Software Infrastructure Global Viewpoint – May 2021

AI Archiving

With the rapid demise of VTR support and the concerns of tape storage longevity, the race is on to digitize media assets and efficiently store them. But information retrieval is only as efficient as classification, otherwise we’d never be able to find the assets in the first place. So how will AI help with this?

Metadata and classification are the essence of tagging media assets during digitization. The need to digitally store media is well understood and whether it’s stored on-prem or in the cloud becomes a “risk vs costs” business decision that is often taken by those other than the engineering team.

To understand the power of metadata and classification then we should think one step ahead and look at the world from the point-of-view of the producer or editor. They may want GVs of a summer’s day in New York during the 1980s, and the accuracy with which they’ll find these GVs is based on the metadata tagging. Historically this relied on somebody sat in front of a VT machine manually typing metadata into a text file or database with the appropriate timecode entry for the duration of the media asset.

Neural Networks (NN) are a subset of the genre Machine Learning (ML), which in turn is encapsulated by the massive topic of AI. There are many other types of ML such as Bayesian Classification and Random Forest regression, but NNs have made massive advances in recent years in both their efficiency and accuracy, especially for image processing.

Image classification is something humans excel at. We can instantly recognize a face, or a danger such as a speeding car racing towards us. But we are very bad at maintaining high levels of concentration during repetitive tasks, such as classifying media assets. We’ve recognized for many years that computers are very efficient at making objective measurements but not so good at making subjective decisions. For example, auto-QC can easily detect whether a video frame is out of gamut, but not so easily detect the difference between a sunrise and a sunset.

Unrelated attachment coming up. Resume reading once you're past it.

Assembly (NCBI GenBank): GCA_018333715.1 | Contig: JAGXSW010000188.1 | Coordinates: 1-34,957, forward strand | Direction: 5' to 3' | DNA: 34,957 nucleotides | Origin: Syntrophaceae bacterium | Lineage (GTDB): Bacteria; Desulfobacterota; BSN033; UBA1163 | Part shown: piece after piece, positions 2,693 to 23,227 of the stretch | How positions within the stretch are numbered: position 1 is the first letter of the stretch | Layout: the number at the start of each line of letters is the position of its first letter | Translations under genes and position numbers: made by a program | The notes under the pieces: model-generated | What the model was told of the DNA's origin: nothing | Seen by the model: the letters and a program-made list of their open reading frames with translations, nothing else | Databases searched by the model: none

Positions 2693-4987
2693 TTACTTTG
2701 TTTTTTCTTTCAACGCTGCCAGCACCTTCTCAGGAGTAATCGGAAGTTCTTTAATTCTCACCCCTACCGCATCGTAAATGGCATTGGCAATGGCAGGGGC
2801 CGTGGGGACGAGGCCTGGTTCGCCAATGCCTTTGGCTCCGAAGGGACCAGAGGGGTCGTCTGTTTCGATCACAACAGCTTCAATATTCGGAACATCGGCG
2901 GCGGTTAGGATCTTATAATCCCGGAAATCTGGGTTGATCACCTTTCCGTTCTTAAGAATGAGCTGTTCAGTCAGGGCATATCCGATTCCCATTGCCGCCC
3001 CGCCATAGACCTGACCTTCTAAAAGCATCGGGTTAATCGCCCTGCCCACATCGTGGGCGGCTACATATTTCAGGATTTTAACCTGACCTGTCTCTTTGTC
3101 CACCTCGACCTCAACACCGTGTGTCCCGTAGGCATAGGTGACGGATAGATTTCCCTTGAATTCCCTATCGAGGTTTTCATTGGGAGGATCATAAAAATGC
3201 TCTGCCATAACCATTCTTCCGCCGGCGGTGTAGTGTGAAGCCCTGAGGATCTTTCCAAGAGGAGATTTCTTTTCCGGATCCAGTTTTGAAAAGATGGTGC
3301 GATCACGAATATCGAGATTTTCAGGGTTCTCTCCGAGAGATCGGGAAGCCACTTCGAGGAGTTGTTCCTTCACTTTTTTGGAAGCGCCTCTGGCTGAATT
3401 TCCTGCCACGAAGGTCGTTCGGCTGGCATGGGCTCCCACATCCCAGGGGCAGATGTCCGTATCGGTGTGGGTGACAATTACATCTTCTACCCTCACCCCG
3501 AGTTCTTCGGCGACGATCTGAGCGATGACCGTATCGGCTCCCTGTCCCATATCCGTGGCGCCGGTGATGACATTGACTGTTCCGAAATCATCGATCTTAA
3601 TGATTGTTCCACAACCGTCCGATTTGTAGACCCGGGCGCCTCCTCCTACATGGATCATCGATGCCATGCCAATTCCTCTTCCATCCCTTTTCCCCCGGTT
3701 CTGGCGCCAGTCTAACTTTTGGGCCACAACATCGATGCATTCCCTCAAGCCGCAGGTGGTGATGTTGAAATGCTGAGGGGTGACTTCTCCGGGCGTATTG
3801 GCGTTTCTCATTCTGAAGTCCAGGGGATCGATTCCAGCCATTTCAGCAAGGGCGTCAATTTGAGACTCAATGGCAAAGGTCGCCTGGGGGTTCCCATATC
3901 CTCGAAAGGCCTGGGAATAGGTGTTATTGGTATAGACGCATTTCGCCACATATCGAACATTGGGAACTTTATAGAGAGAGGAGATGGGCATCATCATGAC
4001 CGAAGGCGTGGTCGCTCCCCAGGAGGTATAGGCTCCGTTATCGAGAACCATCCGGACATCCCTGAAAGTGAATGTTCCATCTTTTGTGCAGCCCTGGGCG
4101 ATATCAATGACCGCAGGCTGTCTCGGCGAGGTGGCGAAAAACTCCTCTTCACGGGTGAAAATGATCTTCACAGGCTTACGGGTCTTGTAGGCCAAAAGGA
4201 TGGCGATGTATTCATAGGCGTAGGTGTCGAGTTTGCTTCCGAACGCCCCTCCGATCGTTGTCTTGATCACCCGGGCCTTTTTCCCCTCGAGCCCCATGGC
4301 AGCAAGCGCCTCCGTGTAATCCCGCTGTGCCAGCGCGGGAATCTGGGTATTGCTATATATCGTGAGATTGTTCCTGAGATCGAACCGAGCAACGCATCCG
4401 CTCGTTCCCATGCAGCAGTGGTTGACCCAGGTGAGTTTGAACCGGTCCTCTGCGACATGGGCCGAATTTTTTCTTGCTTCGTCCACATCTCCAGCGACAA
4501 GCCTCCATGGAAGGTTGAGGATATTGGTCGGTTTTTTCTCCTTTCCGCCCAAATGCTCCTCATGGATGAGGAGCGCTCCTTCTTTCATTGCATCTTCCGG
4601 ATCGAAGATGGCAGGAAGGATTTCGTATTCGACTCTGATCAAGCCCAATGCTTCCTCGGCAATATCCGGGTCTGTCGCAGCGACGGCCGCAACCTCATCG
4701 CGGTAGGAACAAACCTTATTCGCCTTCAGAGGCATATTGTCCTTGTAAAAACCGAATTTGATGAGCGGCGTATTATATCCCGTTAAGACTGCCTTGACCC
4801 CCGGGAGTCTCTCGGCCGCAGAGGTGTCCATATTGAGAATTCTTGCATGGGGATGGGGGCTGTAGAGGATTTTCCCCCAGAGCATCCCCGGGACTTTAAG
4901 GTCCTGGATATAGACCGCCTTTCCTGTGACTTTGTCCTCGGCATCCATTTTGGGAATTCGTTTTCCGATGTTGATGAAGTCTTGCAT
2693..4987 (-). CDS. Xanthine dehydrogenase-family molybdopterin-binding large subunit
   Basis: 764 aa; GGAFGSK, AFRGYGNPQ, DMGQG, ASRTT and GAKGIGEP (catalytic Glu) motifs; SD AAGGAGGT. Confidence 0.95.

ML and NNs are not magic, they are data-led decision making algorithms. In other words, instead of creating a program and trying to predict all the classifications based on all the possible inputs presented to it, we use “other” data to teach the NN the classifications we need so that when “unseen” data is later presented, the ML model can use its prior knowledge (derived from its learning phase) to provide the metadata and classification tagging.

The idea is that we can present many different images of a sunset so the ML algorithm can learn a generic set of sunsets, with the expectation that when an image of a sunset is presented that it has not yet seen, it will be able to predict with a high level of certainty the images containing sunsets. This is analogous to how humans learn. I haven’t experienced every single image of an apple, but I know with a certain amount of reliability, based on my knowledge gained through learning the appearance of an apple (I wasn’t born with this), that I’ll be able to identify most, if not all apples, even the ones I’ve never seen before. This is the power of NNs.

ML can also be used for advanced methods of auto-QC. Humans can generally detect an error caused through tape-dropout, but standard QC would find this difficult. ML based QC, with the appropriate training would be able to detect this.

The demand for archiving is now massive. Although we may be able to sit somebody in front of a VT machine and have them manually generate metadata, wouldn’t it be much more efficient to spend the time creating an ML solution (probably based on NNs), automate the process and have the archiving efficiently running 24/7?